It was with a deep sadness I learned from Jerry Grandey that my old journalism partner Jim Davidson was in the last stages of hospice. He passed away the day before Earth Day, at home in Crestone, in the house he built himself, surrounded by his family.
He was an amazing man of incredible talent, many interests, incisive wit, great writing chops and a love of newspapers, among other things (like his two kids Greta and Eric and his beloved Tracee Sporer). I don’t think any editor before or since has had such a firm read on the pulse of Telluride. He hung in the Sheridan with the best of them. Learned all the secrets. And kept a sense of humor that blossomed in his editorials and kept all of us on our toes – no one wanted to be the butt of a Davidson poke, making grand fun of something while at the same time slamming home a trenchant point one couldn’t ignore.
His first published book was a marvelous and terrible story harking back to his personal roots growing up in Rico and Telluride – Mine Work (Utah State Univ., 1999). It won kudos, first novel awards and even received a favorable review in the New York Review of Books – something Ed Abbey was never able to accomplish in his lifetime. Here’s what the Denver Post wrote: "With a tone that is often reminiscent of Hemingway, the author writes a moving tale of not only power and shame but also of redemption. The book is fine reading."
Former Tellurider Lito Tejada-Flores has just re-issued this classic novel in a new edition from his Western Eye Press. It’s one of those must-read books if you live in the San Juans. Western Eye Press also published his second novel, Postmarked Calexico (2011), and Jim was working on an unpublished third novel.
His blog (jim-davidson.org) says this: “Davidson has worked in the mines and on the Ute Indian Reservation. He’s trapped weasel and drawn maps, lived on venison and waited for days for snowplows to free the village from blizzards. He’s watched his hardrock mining father taken down by lung disease and published a number of small town newspapers. He has seen a lot.”
In 1985 I was editor of the old Telluride Times, having been reluctantly promoted up to that job, after a couple of years as cub reporter, when the old editor left town suddenly. But I wasn’t happy with what I felt was too strong of a “booster” slant to the paper, and grew especially restive when a story on people living in their cars due to the housing shortage in Telluride got bumped from our Thanksgiving issue. It was about that time that Jim, who graduated from high school in Telluride, returned to town.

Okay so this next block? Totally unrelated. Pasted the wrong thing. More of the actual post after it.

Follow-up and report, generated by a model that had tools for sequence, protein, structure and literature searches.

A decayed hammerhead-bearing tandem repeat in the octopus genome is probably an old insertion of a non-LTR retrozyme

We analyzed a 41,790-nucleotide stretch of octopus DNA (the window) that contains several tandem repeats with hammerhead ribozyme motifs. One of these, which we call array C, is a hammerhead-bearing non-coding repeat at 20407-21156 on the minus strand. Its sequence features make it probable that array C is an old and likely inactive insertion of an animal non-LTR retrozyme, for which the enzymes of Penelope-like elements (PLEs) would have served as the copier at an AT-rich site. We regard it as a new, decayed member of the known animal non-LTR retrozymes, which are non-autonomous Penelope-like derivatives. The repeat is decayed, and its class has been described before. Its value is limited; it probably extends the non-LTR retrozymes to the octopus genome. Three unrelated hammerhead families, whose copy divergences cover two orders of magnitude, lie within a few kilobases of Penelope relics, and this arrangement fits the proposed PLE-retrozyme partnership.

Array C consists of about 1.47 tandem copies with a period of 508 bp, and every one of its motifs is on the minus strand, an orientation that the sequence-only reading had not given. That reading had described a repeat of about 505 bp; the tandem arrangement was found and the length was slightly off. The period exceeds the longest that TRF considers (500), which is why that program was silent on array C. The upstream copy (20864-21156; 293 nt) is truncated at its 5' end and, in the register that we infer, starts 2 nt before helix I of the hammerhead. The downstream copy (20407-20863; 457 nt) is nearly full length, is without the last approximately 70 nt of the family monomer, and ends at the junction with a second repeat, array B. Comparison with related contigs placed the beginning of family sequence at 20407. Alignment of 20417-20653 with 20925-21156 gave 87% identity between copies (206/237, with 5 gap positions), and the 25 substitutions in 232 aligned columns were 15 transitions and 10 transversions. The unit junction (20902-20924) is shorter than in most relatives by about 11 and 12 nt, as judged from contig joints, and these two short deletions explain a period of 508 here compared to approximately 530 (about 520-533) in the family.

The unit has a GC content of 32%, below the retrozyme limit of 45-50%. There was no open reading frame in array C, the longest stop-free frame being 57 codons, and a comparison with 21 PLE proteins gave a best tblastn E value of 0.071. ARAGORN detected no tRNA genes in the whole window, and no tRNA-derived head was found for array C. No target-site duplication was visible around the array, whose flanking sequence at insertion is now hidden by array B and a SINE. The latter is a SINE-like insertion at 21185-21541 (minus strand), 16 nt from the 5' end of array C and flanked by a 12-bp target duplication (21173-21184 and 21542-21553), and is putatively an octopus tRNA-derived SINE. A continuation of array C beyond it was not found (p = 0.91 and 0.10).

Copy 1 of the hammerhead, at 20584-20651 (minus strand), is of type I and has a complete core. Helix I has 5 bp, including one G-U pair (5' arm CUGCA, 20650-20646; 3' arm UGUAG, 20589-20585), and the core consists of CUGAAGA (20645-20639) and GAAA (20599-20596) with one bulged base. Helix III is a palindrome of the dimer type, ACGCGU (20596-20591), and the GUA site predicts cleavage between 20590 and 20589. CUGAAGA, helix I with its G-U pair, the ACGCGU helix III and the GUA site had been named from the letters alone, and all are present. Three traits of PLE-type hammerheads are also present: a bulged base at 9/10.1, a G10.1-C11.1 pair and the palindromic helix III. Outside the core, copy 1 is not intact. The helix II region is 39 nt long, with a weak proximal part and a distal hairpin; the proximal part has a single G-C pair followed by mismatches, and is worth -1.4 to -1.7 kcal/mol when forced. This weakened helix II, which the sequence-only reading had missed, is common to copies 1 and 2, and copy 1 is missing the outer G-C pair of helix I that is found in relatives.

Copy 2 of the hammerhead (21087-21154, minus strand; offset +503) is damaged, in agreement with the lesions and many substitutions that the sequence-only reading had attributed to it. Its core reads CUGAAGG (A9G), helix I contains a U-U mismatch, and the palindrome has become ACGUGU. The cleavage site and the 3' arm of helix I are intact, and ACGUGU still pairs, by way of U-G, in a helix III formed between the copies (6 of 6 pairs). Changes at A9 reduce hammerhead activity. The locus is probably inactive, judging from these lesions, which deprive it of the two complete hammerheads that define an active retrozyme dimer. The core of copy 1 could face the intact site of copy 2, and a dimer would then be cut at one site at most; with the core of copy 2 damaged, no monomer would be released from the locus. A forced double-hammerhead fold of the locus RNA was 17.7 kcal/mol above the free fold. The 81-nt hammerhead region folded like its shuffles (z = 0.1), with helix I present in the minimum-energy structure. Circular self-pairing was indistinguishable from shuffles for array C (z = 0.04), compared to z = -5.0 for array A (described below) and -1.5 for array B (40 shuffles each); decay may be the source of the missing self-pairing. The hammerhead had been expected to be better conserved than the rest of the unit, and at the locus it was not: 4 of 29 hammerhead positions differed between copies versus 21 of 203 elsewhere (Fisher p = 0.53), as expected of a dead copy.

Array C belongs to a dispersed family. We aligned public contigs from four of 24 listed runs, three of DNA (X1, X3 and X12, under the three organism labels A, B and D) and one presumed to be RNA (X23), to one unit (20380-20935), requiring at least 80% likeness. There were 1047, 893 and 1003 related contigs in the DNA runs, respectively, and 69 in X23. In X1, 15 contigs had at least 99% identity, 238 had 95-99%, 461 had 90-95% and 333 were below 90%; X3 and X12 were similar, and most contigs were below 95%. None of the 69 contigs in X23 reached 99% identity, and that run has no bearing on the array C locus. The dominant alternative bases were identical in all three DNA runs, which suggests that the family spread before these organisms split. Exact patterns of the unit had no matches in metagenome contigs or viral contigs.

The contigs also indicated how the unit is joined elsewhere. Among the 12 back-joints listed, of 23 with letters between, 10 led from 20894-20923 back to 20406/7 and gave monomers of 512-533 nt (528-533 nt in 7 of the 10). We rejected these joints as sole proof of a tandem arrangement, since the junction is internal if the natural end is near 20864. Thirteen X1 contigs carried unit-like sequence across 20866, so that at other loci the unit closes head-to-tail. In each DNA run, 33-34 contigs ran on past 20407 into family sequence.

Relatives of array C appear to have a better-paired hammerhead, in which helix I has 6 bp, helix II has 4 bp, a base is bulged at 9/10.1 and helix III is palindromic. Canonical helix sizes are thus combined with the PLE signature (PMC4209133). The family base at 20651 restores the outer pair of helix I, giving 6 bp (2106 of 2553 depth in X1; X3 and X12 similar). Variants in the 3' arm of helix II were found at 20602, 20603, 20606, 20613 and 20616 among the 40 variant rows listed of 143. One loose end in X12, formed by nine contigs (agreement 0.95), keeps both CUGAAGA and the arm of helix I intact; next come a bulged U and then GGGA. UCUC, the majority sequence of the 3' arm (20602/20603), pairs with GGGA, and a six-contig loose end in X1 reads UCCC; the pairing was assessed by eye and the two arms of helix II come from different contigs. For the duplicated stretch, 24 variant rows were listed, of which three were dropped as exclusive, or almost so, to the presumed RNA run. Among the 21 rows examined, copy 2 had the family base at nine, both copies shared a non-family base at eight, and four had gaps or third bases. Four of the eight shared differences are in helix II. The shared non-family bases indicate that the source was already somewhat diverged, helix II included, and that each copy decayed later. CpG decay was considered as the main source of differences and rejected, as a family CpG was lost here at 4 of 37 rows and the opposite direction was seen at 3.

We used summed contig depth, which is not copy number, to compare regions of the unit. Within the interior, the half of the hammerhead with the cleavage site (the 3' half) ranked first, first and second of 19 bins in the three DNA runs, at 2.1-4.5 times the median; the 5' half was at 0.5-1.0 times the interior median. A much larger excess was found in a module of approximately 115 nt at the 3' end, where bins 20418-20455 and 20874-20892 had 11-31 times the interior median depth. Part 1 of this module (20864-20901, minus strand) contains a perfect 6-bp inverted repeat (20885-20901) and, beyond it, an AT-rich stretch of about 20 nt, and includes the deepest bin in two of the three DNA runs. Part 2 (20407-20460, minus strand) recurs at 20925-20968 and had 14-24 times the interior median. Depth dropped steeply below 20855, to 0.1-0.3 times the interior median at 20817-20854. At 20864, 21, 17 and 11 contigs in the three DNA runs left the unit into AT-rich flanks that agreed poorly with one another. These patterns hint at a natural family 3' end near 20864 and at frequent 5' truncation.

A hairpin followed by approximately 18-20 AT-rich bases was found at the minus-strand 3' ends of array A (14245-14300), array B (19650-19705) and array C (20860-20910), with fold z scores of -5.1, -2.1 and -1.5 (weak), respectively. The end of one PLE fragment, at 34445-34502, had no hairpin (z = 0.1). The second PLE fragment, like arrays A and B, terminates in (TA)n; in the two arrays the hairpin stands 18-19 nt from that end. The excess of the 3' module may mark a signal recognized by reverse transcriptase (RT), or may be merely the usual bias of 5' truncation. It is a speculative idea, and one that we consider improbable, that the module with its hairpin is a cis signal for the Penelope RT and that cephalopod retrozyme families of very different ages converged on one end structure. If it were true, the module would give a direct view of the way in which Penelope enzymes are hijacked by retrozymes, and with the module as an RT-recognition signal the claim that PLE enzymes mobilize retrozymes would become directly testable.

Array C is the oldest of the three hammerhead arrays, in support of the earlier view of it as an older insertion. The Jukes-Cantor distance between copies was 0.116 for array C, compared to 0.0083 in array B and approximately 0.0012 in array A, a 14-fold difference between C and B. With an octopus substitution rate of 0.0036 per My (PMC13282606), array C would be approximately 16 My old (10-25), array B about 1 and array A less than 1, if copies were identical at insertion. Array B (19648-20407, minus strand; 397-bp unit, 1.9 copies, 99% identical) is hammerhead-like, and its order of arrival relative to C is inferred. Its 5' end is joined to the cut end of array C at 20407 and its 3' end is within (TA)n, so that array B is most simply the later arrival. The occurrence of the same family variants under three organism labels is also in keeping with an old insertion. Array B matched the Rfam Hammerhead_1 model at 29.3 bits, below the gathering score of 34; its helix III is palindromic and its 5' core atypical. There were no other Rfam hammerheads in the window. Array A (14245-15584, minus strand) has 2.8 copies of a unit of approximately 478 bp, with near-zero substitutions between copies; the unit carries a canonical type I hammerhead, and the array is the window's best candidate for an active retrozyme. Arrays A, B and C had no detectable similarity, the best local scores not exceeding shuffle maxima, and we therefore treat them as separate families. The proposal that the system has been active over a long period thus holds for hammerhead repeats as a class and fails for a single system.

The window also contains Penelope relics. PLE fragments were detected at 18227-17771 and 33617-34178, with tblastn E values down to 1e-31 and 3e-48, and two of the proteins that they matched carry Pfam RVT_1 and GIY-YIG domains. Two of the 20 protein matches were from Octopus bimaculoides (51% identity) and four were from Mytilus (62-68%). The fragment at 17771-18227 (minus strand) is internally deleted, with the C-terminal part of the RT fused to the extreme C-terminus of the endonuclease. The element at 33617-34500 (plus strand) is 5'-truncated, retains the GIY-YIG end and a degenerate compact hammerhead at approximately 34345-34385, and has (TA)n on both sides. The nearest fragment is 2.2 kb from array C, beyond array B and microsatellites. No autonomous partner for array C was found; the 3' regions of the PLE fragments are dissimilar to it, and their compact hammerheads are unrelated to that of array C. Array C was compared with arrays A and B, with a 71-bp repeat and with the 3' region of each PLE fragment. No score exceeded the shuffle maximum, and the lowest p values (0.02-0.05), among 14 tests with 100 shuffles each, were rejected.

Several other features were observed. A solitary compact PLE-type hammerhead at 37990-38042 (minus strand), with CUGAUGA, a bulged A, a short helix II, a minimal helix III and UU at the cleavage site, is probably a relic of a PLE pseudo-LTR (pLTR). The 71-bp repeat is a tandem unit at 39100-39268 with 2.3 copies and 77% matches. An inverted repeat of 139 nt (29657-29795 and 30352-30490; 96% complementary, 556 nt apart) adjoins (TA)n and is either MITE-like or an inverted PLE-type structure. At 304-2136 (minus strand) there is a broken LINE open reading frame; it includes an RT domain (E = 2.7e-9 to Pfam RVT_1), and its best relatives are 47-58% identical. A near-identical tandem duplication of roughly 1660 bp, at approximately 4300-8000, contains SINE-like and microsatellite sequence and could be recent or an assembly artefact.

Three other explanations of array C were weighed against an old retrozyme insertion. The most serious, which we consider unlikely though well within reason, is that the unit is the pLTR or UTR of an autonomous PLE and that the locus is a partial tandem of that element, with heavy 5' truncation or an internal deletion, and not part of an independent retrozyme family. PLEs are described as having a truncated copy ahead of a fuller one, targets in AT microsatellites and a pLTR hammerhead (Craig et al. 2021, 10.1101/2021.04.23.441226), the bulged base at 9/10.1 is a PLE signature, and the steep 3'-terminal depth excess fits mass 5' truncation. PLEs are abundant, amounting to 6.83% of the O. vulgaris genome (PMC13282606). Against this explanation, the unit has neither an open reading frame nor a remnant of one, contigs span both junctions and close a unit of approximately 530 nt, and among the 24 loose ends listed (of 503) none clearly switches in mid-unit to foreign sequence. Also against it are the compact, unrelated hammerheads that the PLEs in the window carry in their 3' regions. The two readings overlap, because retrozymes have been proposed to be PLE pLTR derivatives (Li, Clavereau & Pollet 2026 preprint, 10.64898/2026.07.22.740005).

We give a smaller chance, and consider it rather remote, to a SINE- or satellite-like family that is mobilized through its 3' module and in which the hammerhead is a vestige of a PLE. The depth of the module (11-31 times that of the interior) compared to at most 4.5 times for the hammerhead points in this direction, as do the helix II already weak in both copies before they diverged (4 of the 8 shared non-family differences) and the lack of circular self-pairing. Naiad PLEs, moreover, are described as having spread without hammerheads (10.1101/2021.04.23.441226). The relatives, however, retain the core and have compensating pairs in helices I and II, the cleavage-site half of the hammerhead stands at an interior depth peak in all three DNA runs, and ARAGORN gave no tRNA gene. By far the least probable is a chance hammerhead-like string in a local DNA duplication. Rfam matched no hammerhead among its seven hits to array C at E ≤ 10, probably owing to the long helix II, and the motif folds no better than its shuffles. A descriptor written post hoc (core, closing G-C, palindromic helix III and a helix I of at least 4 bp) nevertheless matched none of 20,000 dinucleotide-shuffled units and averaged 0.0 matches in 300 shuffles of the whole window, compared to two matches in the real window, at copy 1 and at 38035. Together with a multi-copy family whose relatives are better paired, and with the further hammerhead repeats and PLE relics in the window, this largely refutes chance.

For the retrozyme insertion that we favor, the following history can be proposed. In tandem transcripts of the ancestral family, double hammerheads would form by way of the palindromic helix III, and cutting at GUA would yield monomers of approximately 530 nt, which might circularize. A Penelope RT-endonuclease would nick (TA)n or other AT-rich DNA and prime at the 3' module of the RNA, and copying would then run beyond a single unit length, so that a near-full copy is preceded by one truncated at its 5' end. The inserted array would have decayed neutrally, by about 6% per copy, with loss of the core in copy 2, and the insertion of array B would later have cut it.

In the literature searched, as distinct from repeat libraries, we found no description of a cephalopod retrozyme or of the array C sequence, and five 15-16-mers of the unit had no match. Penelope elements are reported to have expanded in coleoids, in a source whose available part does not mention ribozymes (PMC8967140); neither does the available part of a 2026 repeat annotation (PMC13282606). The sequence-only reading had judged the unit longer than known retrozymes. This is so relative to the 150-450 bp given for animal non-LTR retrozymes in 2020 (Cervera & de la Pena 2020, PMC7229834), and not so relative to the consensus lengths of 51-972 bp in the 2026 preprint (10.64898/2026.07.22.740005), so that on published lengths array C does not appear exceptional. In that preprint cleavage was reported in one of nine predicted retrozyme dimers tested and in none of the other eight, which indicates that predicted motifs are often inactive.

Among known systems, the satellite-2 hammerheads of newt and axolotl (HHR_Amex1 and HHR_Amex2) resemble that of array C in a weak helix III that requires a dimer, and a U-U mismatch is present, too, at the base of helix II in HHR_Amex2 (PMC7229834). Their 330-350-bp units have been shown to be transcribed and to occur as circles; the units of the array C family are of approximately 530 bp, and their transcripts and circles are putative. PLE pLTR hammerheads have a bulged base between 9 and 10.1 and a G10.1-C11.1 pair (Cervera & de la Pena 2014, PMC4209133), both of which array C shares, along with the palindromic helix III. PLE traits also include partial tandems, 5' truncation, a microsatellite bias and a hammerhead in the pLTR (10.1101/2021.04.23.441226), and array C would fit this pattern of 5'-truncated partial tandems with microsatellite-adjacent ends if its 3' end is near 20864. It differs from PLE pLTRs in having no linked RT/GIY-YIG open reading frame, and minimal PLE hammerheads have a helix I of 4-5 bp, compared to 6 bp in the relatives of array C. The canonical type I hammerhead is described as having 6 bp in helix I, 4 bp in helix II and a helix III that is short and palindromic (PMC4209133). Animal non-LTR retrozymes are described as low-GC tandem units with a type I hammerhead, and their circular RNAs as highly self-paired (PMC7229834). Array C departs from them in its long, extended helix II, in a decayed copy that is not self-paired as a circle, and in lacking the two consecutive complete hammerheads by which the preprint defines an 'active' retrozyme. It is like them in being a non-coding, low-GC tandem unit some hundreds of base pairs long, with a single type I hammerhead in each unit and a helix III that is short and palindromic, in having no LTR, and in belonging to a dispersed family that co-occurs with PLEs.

He wanted to start a rival newspaper. He had financial backers. He was smart, knew the place, and wanted to make a splash with a paper that didn’t cozy up to advertisers as much as keep the town fathers and mothers honest. But he needed someone with experience to work as managing editor. It didn’t take much to seduce me into that job.
The San Miguel Journal was daring. It featured full-page cover photos. International reporter (and backer) Mort Rosenblum had a regular column. It took on Idarado and Newmont Mining when the state-driven Superfund lawsuit began, got sued by Ron Allred’s Telluride Ski Company for reporting the truth, and made Telluride a two-paper town that’s continued for the past 30 years. Elizabeth Arnold, who went on to NPR fame, was one of our stringers.
The name changed to the Telluride Mountain Journal in 1988, and then in 1989 the Journal bought out the failing Times, and we became the Telluride Times-Journal. The paper regularly won awards from the Colorado Press Association. But Jim was not one to grind through a career forever. We have him to thank for bringing Marta Tarbell and Seth Cagin to town, Marta as editor so Jim could pursue his passion for sailing (at the time). Eventually he sold off the Times-Journal to Wick Communications, and moved out to Kansas with his wife, Tracee. For a brief time he came back to town to rescue the Times-Journal, which was in a tough newspaper battle with the Telluride Daily Planet. I became arts editor at that point, and he restored the Times-Journal’s competitiveness. But not for long. He wasn’t a company man, and being an employee was not his bailiwick. He quit and began commuting between a family spread in Kansas and Crestone, where he built a home mostly by himself in Crestone. His focus had become his own writing – putting his life experience into fine prose.
Through all of that, Jim was my mentor in journalism. He taught me, edited me, growled at me, made me laugh and cry. We worked together under pressure, counseling each other, conspiring, seeking the deeper truths behind the week’s stories. We became friends. I’m going to miss my friend.